Let the test proceed, says I. Apparently CCA sources had previously heard about this five-rock discipline and already agreed that it should be tested. Scientists would no doubt argue that such a test should be held in optimum conditions (ie. top-quality arena curling ice) with optimum athletes (the best rock stars in the world), so why not make this test the best barometer it can be?
And what does Joe Public think? Not much, since it’s never been tested. One online poll currently puts those in favour of the rule at 55.6% and those opposed at 44.5%, with nothing concrete to guide those votes.
While the players’ union waits for word from Ottawa the media waits on its hands, practically begging for another knock-down, bare-knuckle slugfest between these two wary groups. Meanwhile, the coffee in those boardrooms is fast growing cold…
The Grand Slam final saw Team Glenn Howard of Coldwater, Ont., defeat Team John Epping of Toronto by a 6-4 count, and the championship ice surface was littered with friends, family and ex-teammates galore.
Howard and third Wayne Middaugh, of course, teamed to win the Brier and world championship back in 1993. This past summer they reunited after bashing heads as opponents for the past 16 years.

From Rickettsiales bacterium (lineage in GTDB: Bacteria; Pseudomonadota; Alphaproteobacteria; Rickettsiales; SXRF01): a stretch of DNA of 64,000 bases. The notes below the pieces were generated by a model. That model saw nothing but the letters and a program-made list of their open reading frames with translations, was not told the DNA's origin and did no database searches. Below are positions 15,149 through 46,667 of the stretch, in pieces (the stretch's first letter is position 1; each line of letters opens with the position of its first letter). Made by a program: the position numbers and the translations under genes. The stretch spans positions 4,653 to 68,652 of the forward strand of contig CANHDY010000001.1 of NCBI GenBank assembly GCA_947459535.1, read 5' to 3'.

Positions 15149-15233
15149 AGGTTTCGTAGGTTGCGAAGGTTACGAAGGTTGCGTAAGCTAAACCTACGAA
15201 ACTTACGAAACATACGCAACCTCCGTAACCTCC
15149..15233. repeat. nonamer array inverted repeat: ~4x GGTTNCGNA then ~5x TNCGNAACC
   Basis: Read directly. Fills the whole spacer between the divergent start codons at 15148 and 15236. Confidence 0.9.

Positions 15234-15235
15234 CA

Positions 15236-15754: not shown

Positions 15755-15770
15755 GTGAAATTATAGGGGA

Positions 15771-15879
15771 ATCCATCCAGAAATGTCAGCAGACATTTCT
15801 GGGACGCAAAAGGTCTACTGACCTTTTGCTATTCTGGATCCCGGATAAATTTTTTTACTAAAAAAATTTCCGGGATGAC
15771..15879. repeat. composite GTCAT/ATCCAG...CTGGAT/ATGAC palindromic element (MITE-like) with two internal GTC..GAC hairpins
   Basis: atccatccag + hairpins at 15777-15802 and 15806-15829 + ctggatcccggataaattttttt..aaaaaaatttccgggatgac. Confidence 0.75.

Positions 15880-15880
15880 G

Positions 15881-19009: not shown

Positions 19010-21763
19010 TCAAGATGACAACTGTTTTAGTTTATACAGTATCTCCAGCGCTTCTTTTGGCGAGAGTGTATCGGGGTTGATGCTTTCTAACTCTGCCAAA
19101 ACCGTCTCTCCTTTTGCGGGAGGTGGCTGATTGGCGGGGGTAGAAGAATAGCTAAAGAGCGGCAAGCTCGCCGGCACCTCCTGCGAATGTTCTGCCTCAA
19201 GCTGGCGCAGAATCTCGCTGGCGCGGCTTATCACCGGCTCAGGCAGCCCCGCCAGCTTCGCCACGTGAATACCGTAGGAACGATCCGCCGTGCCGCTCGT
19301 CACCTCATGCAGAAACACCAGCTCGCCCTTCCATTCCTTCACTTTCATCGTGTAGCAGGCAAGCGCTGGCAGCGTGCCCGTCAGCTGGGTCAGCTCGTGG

Last season, Middaugh played with Epping second Scott Howard. Two seasons ago, Middaugh had Epping as his third.
Scott Howard is the son of Glenn Howard.
You want more? Epping third Scott Bailey played lead for Middaugh from the moment Middaugh first left the Howard gang in 1995 until the fall of 2010, and helped the Wayner win another Brier and worlds along the way (1998).
Only Howard front-enders Brent Laing and Craig Savill and Epping lead David Mathers were on the friend/family sidelines during Sunday’s championship battle, in which Howard won $24,000 to Epping’s $14,000. Semifinalists Kevin Martin of Edmonton and Niklas Edin of Sweden earned $10,000 each, while quarterfinalists Jeff Stoughton and Mike McEwen (Winnipeg), Kevin Koe (Edmonton) and Brad Gushue (St. John’s) split 25K in playoff qualifying cash.